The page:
This paper explores the theoretical understandings of supervisory neglect and how these understandings might assist in delivering practical responses using a public health approach to child protection.
Children are vulnerable to different types of injury depending on their stage of growth and development. Children will also need varying degrees of supervision depending on their exposure to a range of risk and protective factors.
- There is no universally accepted, all encompassing definition of the concept of "neglect", and consideration of supervisory neglect suggests that there is no "one size fits all" definition.
- Supervision can be a complex, resource-intensive activity when undertaken at its maximum effectiveness - understanding and evaluating what comprises "good enough parenting" remains subjective and is difficult to evaluate.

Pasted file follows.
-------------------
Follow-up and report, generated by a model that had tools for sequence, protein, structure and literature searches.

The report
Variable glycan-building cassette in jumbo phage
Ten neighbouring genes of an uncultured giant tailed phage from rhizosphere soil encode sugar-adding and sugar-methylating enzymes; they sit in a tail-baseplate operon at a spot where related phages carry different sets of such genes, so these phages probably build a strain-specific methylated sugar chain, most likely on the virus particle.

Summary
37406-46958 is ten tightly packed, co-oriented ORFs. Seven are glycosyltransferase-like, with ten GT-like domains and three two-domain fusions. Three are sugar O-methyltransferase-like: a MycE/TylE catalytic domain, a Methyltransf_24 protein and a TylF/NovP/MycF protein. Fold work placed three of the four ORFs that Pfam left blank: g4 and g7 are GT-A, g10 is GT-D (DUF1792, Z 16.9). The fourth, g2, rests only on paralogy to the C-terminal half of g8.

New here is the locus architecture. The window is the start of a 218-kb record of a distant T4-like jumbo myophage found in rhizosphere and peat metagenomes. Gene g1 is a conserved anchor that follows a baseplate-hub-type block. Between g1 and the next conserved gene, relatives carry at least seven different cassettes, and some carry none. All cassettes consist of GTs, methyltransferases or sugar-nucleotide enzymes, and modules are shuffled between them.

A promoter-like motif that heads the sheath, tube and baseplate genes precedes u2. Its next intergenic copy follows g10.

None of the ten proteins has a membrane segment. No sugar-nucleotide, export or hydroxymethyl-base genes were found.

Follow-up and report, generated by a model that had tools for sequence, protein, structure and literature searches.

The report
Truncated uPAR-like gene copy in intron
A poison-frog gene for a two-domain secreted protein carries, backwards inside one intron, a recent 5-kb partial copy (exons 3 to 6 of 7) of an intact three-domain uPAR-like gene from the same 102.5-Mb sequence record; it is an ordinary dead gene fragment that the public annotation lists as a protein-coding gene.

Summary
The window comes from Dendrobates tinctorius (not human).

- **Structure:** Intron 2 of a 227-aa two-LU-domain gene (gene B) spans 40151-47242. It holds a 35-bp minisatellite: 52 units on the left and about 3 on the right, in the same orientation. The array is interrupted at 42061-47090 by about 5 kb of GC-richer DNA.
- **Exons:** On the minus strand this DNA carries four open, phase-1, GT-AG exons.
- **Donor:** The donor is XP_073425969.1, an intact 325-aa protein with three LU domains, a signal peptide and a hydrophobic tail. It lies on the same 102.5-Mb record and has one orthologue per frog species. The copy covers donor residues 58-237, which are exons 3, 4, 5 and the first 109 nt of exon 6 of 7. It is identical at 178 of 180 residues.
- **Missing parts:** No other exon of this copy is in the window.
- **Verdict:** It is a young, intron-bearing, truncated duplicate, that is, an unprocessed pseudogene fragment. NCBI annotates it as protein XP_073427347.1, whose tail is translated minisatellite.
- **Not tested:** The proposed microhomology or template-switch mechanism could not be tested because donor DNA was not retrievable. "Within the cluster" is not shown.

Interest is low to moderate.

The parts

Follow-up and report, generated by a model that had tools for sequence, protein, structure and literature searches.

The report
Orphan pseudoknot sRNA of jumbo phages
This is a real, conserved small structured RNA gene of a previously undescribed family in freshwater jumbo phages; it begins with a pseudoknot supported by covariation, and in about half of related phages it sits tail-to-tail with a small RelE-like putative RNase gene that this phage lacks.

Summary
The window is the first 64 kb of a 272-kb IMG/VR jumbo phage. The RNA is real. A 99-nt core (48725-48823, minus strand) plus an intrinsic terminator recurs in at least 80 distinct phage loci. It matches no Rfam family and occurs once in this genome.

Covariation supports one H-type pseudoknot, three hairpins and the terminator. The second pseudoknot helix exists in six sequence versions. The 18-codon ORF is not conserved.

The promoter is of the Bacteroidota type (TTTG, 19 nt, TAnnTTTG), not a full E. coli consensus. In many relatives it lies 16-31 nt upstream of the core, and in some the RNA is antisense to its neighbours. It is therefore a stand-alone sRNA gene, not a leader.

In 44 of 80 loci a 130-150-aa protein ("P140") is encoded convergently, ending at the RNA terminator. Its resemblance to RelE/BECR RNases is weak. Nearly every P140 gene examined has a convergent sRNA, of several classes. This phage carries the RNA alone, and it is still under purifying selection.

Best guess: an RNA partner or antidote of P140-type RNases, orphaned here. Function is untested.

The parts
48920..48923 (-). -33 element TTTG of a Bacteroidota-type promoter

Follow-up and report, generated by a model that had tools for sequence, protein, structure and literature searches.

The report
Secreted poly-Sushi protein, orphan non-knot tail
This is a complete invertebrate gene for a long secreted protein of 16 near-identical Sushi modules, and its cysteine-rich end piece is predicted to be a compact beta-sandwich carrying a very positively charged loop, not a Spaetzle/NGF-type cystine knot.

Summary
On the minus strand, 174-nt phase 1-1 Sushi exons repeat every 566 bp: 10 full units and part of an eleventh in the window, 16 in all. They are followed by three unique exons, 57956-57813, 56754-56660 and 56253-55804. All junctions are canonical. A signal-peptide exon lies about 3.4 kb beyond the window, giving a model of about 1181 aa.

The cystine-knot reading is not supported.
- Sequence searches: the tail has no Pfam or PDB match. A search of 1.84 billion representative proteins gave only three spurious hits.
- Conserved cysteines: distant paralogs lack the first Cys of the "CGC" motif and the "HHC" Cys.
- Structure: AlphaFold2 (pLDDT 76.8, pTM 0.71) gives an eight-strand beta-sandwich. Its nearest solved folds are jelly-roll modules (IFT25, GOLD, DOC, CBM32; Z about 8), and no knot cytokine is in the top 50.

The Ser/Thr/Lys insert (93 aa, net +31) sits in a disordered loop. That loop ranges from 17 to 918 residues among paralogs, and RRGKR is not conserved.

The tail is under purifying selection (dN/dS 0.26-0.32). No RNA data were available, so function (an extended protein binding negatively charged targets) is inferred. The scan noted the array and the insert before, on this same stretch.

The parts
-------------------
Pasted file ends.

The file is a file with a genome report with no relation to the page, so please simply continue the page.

- Identification of neglect should pay heed to parental competence and/or caregiver capability, cultural context, child personality and level of maturity, and environmental risk factors.
- The need to forecast where future harm may arise from a lack of appropriate supervision is paramount.
- Impoverished families living in "poor" neighbourhoods may be unable to provide adequate nutrition, medical care or education for their children not because of a lack of recognition of the child's needs or a want to do so, but because of a lack of access to resources.
- Exposure to one type of harm (such as neglect) increases the risk of exposure to other forms of harm (such as physical or sexual abuse). In a child protection context, if children suffer a number of injuries this may serve as a warning that there are other issues of a potentially neglectful nature.